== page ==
Appendix: Do not use the Appendix to circumvent page limits. Follow all instructions for the Appendix as described in the SF424 (R&R) Application Guide.

3. Submission Dates and Times

Part I. Overview Information contains information about Key Dates. Applicants are encouraged to submit applications before the due date to ensure they have time to make any application corrections that might be necessary for successful submission.

Organizations must submit applications to Grants.gov, the online portal to find and apply for grants across all Federal agencies. Applicants must then complete the submission process by tracking the status of the application in the eRA Commons, NIH’s electronic system for grants administration. NIH and Grants.gov systems check the application against many of the application instructions upon submission. Errors must be corrected and a changed/corrected application must be submitted to Grants.gov on or before the application due date.  If a Changed/Corrected application is submitted after the deadline, the application will be considered late.

Applicants are responsible for viewing their application before the due date in the eRA Commons to ensure accurate and successful submission.

Information on the submission process and a definition of on-time submission are provided in the SF424 (R&R) Application Guide.

4. Intergovernmental Review (E.O. 12372)

This initiative is not subject to intergovernmental review.

5. Funding Restrictions

All NIH awards are subject to the terms and conditions, cost principles, and other considerations described in the NIH Grants Policy Statement.

Pre-award costs are allowable only as described in the NIH Grants Policy Statement.   

6. Other Submission Requirements and Information

Applications must be submitted electronically following the instructions described in the SF424 (R&R) Application Guide.  Paper applications will not be accepted.

Applicants must complete all required registrations before the application due date. Section III. Eligibility Information contains information about registration.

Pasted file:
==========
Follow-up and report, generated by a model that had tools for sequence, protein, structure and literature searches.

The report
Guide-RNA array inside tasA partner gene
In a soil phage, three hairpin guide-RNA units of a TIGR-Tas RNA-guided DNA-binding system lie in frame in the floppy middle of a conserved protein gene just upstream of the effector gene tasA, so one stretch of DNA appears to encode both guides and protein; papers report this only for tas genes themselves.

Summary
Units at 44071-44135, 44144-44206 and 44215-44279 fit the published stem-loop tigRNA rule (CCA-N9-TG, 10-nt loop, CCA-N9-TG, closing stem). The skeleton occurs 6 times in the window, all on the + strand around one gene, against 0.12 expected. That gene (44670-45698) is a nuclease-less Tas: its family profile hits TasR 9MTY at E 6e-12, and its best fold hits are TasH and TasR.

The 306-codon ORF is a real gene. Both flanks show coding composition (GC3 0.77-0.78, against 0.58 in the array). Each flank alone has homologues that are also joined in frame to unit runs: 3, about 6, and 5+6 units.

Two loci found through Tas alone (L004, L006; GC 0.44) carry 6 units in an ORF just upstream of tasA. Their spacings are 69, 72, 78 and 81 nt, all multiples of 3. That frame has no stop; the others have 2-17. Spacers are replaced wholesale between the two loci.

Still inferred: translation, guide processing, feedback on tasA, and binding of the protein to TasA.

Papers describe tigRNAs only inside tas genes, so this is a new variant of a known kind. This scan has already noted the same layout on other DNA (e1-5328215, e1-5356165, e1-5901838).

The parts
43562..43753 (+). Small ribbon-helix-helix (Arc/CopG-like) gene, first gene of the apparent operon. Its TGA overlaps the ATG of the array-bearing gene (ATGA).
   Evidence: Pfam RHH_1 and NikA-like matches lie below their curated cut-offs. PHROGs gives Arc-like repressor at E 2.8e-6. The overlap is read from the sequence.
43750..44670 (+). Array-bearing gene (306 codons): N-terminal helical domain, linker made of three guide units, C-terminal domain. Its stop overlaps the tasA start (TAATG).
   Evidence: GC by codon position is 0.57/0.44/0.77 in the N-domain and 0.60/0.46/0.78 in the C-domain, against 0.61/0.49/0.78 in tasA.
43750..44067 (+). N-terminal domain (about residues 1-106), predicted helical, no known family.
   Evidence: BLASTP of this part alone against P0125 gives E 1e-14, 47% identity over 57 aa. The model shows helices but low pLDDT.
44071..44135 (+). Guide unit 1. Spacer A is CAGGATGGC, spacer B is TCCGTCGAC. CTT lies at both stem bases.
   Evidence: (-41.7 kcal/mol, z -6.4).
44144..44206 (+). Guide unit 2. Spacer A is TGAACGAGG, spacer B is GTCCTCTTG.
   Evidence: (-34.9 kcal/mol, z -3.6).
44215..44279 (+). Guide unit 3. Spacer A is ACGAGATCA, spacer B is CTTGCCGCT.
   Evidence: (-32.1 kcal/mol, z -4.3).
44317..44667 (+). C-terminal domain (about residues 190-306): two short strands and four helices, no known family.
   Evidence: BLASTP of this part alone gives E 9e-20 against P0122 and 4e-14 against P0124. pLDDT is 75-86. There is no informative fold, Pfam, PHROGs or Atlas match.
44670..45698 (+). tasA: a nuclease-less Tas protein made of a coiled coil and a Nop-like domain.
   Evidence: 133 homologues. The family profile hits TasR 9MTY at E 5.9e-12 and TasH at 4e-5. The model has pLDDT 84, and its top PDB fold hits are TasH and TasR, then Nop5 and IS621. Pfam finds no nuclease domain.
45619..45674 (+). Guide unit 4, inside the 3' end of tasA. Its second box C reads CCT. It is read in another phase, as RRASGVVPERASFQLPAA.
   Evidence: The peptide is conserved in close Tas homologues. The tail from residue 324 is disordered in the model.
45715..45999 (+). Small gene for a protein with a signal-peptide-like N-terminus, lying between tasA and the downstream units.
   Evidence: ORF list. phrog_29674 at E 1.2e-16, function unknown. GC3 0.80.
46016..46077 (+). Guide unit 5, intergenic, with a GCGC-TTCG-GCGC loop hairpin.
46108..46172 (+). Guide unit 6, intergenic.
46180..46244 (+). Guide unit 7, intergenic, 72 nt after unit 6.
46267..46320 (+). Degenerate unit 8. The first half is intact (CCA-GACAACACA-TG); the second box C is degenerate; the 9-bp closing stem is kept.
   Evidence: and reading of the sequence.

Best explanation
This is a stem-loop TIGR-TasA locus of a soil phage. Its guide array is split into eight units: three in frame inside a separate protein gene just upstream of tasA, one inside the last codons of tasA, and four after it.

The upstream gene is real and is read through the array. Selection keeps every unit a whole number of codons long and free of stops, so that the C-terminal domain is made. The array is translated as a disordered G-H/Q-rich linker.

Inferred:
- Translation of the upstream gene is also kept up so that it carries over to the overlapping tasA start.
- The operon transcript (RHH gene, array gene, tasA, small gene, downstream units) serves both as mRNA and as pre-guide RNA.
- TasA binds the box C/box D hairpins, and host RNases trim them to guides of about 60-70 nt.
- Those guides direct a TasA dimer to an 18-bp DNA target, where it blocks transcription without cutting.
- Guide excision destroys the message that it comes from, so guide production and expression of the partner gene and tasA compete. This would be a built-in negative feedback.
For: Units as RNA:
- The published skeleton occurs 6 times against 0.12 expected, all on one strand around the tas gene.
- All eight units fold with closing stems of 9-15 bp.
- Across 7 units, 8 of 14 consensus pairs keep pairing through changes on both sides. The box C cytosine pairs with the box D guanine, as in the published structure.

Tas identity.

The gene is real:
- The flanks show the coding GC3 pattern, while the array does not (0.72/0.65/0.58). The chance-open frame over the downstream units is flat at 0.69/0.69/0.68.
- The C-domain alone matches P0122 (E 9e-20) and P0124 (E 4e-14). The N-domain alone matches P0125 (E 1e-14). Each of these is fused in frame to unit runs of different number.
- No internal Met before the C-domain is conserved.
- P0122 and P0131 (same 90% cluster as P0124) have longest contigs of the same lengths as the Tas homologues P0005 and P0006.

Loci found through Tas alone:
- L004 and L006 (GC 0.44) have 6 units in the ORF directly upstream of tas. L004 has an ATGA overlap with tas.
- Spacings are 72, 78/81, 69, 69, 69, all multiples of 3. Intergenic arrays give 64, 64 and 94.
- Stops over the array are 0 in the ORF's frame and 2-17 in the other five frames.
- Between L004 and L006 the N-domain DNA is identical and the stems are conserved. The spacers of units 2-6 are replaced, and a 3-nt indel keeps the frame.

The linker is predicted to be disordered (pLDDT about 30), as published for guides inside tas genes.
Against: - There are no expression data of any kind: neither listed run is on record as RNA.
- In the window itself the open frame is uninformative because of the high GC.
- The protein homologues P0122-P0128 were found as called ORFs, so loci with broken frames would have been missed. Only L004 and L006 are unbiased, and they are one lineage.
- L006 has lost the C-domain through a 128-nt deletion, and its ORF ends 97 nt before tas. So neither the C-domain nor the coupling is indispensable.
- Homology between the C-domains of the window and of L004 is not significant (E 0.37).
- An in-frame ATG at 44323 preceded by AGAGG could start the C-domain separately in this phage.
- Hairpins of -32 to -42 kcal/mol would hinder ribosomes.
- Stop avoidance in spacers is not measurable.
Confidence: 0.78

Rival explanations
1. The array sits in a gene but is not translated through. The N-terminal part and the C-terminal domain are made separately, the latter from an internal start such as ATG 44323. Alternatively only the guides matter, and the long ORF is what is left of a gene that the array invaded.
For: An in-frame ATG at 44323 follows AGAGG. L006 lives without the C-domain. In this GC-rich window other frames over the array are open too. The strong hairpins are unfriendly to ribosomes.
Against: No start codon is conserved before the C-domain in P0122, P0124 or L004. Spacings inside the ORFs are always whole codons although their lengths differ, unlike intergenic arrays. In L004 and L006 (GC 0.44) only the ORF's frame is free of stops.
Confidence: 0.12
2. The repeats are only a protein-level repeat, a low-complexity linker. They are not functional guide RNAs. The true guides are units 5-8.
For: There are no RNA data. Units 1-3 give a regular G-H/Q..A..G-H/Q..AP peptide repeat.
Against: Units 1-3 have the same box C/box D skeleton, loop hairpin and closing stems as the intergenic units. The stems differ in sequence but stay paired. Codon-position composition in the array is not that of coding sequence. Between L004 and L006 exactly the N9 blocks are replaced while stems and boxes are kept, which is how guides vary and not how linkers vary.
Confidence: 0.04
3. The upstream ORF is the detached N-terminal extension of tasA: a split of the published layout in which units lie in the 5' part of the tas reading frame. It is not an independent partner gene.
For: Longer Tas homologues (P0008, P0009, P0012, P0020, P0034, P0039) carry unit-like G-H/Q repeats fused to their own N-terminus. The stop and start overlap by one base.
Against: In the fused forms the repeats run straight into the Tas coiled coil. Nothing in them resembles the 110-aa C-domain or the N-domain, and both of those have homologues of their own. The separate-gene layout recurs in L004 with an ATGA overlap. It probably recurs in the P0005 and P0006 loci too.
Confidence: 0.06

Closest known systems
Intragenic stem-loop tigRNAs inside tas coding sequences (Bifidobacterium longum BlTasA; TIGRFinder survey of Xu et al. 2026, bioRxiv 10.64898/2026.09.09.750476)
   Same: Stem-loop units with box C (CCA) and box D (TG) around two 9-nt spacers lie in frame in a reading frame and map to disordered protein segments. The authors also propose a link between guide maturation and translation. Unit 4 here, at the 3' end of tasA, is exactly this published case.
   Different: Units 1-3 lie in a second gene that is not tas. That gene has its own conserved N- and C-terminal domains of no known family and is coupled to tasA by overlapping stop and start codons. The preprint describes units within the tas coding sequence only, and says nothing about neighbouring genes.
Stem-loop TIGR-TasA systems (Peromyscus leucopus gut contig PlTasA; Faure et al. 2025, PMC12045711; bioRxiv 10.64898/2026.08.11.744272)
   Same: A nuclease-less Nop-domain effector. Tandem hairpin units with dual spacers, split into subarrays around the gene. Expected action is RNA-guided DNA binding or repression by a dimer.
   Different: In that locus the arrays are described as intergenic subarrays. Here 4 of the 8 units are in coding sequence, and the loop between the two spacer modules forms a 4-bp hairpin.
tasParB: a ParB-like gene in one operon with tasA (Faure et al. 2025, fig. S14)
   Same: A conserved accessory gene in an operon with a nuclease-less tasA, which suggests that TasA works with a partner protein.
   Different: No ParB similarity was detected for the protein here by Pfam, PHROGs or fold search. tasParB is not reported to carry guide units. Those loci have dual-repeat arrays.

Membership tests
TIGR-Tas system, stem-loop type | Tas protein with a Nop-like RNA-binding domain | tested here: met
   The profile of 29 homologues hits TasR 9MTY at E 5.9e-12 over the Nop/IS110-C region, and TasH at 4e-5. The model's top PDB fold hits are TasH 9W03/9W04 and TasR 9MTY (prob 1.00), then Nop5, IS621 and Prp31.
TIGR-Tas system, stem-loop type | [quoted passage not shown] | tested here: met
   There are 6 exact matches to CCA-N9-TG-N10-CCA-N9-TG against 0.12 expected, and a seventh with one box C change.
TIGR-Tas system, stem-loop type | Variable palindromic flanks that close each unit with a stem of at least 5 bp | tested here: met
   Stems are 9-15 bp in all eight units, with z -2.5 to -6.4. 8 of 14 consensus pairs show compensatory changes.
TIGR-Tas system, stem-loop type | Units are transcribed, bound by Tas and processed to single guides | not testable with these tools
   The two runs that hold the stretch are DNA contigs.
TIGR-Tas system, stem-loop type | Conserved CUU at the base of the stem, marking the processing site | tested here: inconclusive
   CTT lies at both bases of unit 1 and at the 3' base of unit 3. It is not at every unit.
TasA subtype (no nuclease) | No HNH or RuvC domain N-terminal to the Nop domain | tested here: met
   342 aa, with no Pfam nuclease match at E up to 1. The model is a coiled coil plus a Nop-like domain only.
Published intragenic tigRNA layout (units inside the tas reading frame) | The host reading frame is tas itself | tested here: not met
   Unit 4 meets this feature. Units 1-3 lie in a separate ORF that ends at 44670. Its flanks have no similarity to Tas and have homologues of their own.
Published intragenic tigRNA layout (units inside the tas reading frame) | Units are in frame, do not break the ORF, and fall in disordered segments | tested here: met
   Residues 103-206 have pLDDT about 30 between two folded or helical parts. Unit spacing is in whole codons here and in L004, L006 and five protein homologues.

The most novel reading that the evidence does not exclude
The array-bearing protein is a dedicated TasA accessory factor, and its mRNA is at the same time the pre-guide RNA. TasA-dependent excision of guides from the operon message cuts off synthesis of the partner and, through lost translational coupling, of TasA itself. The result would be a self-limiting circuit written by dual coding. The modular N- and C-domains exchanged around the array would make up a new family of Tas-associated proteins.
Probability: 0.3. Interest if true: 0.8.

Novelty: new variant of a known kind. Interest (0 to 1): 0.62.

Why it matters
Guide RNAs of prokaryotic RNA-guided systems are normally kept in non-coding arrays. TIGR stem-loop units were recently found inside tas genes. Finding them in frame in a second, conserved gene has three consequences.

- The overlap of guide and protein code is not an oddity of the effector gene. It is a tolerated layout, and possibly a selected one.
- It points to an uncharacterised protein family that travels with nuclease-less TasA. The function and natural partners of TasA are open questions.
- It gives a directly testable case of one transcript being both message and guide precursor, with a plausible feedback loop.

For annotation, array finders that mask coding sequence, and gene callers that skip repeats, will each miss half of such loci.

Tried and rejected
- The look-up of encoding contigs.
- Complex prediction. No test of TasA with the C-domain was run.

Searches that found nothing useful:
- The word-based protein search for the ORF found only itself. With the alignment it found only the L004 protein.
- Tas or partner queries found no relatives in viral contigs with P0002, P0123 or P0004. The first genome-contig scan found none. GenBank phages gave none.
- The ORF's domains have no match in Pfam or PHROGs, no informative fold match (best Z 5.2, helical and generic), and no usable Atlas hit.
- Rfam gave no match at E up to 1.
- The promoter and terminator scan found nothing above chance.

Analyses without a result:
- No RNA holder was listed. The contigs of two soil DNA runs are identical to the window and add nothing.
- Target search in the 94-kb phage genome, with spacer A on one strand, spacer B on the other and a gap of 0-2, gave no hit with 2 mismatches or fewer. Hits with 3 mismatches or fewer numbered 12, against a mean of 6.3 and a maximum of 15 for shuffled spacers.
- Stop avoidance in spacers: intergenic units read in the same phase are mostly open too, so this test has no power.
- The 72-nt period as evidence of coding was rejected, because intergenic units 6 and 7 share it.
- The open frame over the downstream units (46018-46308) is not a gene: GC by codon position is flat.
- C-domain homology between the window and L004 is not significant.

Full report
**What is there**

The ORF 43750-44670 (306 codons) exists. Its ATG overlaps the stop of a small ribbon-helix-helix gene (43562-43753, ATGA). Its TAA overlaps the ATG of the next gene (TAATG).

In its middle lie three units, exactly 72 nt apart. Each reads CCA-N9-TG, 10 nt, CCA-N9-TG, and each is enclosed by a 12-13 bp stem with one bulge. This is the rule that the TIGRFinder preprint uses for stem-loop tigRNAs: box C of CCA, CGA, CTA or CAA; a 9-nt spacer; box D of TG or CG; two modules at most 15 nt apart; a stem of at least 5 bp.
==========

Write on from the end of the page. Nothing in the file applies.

For assistance with your electronic application or for more information on the electronic submission process, visit Applying Electronically.

Important reminders:
All PD(s)/PI(s) must include their eRA Commons ID in the Credential field of the Senior/Key Person Profile Component of the SF424(R&R) Application Package. Failure to register in the Commons and to include a valid PD/PI Commons ID in the credential field will prevent the successful submission of an electronic application to NIH. See Section III of this FOA for information on registration requirements.

The applicant organization must ensure that the DUNS number it provides on the application is the same number used in the organization’s profile in the eRA Commons and for the System for Award Management. Additional information may be found in the SF424 (R&R) Application Guide.

See more tips for avoiding common errors.  

Upon receipt, applications will be evaluated for completeness by the Center for Scientific Review and for responsiveness to the criteria outlined in this announcement by NIMH. Applications that are incomplete and/or nonresponsive will not be reviewed.  

In order to expedite review, applicants are requested to notify the NIMH Referral Office by email at NIMHReferral@mail.nih.gov when the application has been submitted. Please include the FOA number and title, PD/PI name, and title of the application.

Pre-Application Webinar

The NIMH will hold a pre-application webinar on all three ServASD RFAs (RFA-MH-14-100, RFA-MH-14-101, RFA-MH-14-102) on Wednesday, July 17, from 1:00 – 2:30 p.m. (EDT), to which all prospective applicants are invited. This is a technical assistance webinar conducted by NIMH staff to explain the goals and objectives of these initiatives and answer questions from attendees.   Participation in the webinar is neither required nor necessary for a successful application.  Potential applicants who wish to participate should send an e-mail to ServASD@mail.nih.gov with “ServASD RFA Webinar” in the subject line no later than 5:00 p.m. (EDT), July 15, 2013, in order to register and obtain the information needed to join the session.  Potential applicants are encouraged to submit their questions or comments to ServASD@mail.nih.gov  in advance of the call. 

Post Submission Materials

Applicants are required to follow the instructions for post-submission materials, as described in NOT-OD-10-115.

Section V. Application Review Information


1. Criteria